library analogs of 36 will be described elsewhere.

Figure 20 Representation of the design rationale for two novel, bone-targeting

pTyr mimics, Dmp and Dpp, relative to an x-ray structure [16] of citrate

complexed with Src SH2.

Copyright 2004 by Marcel Dekker, Inc. All Rights Reserved.


The increasing number of therapeutic targets available to drug discovery

programs has challenged chemists to devise new and efficient strategies for

the advancement of lead compounds to clinical candidate status. One

evolving approach, as described in this chapter, is the integration of

synergistic technologies (e.g., structure-based drug design and combinatorial chemistry) into a focused program that emphasizes the strengths of

each individual method. We have used this philosophy to direct our Src

SH2 program toward achieving novel proprietary Src SH2 inhibitors such

as AP22209, which exhibit promising antiresorptive activity both in an in

vivo animal model and in cell-based osteoclast assays. The use of structure-based, small-molecule libraries allowed us to rationally design compounds relative to predicted binding interactions, while taking advantage

of parallel synthesis to rapidly advance lead optimization. By adopting a

synthetic strategy that utilizes both solid and solution phase chemistries,

we were able to achieve the necessary chemical purity and diversity for

SAR interpretation at all stages of the drug discovery process. This

integrated drug design and combinatorial chemistry strategy is currently

being adapted to other drug discovery programs at ARIAD.


The authors thank all our colleagues at ARIAD Pharmaceuticals,

including Chi Vu, Virginia Jacobsen, Michael Yang, William Shakespeare, Regine Bohacek, Joseph Eyermann, Berkley Lynch, Shelia

Violette, and Manfred Weigele, and especially Mayumi Uesugi, Vaibhav

Varkhedkar, and Chad Haraldson, whose contributions were significant

to the success of this work. We also thank Chris Stearns for her help with

the figures, David Dalgarno for his editorial suggestions, and Jay

LaMarche for allowing us to buy all our expensive toys.


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Copyright 2004 by Marcel Dekker, Inc. All Rights Reserved.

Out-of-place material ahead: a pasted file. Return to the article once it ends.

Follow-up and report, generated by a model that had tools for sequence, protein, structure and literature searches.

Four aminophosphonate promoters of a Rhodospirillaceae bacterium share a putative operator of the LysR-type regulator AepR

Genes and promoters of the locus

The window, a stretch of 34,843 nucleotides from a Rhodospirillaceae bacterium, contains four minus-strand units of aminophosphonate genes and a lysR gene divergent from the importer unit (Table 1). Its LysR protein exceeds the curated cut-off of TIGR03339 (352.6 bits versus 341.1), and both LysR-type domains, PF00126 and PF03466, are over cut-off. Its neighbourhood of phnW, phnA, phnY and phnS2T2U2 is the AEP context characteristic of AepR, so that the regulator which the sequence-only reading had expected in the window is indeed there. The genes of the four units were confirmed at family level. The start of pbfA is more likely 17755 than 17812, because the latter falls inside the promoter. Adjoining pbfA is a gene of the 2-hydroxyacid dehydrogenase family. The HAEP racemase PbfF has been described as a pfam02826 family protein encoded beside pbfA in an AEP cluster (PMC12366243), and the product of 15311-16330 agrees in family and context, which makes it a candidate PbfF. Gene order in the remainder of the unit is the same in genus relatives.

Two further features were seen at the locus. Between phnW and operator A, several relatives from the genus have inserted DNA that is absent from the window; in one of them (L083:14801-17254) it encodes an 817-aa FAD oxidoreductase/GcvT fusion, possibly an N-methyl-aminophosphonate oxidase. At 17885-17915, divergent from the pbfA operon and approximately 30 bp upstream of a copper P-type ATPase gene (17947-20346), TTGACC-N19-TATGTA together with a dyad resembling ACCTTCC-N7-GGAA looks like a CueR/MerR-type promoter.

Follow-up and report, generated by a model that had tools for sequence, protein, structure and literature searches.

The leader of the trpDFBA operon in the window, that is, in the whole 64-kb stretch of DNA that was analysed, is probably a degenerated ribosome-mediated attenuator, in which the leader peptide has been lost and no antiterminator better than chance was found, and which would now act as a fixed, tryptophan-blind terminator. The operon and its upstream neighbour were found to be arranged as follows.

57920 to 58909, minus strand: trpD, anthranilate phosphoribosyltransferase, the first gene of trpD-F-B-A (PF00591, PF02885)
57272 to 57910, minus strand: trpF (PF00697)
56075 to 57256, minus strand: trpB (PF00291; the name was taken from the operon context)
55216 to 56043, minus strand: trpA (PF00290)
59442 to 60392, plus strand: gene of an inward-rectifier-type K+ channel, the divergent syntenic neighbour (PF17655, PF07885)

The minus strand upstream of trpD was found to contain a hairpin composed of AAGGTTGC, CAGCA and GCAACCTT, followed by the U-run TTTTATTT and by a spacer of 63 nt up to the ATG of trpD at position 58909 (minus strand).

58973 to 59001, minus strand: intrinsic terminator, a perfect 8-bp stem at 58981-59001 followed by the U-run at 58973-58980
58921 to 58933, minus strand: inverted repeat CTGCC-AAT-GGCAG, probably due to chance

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Copyright 2004 by Marcel Dekker, Inc. All Rights Reserved.


Three-Dimensional Structure of

the Inhibited Catalytic Domain

of Human Stromelysin-1 by

Heteronuclear NMR Spectroscopy

Paul R. Gooley

University of Melbourne, Parkville, Victoria, Australia



With the aid of isotopic enrichment it is now routine to determine the

structure of moderate to large proteins (20 to 40 kDa) by multidimensional

heteronuclear nuclear magnetic resonance (NMR) spectroscopy [1]. The

advantages these heteronuclear experiments offer are spectral simplification and a reduced dependence on narrow proton linewidths. By spreading

the 1H– 1H correlations of a 2-D NMR spectrum into a third and, perhaps,

a fourth dimension, according to the chemical shift of the attached 13C or


N nucleus, considerable spectral simplification is achieved. As the proton

of interest is now correlated with its bound 13C or 15N, the information

content for assignment is increased, and as the individual planes of the 3-D

or 4-D spectra contain relatively fewer overlapping peaks, problems with

assignment ambiguities are reduced. These experiments are more efficient

than their homonuclear counterparts because transfer of magnetization

relies on the large one-bond heteronuclear couplings (11 to 140 Hz). The

first stage in solving the structure of a protein requires the acquisition of a

large number of three-dimensional experiments for sequence-specific as-

Copyright 2004 by Marcel Dekker, Inc. All Rights Reserved.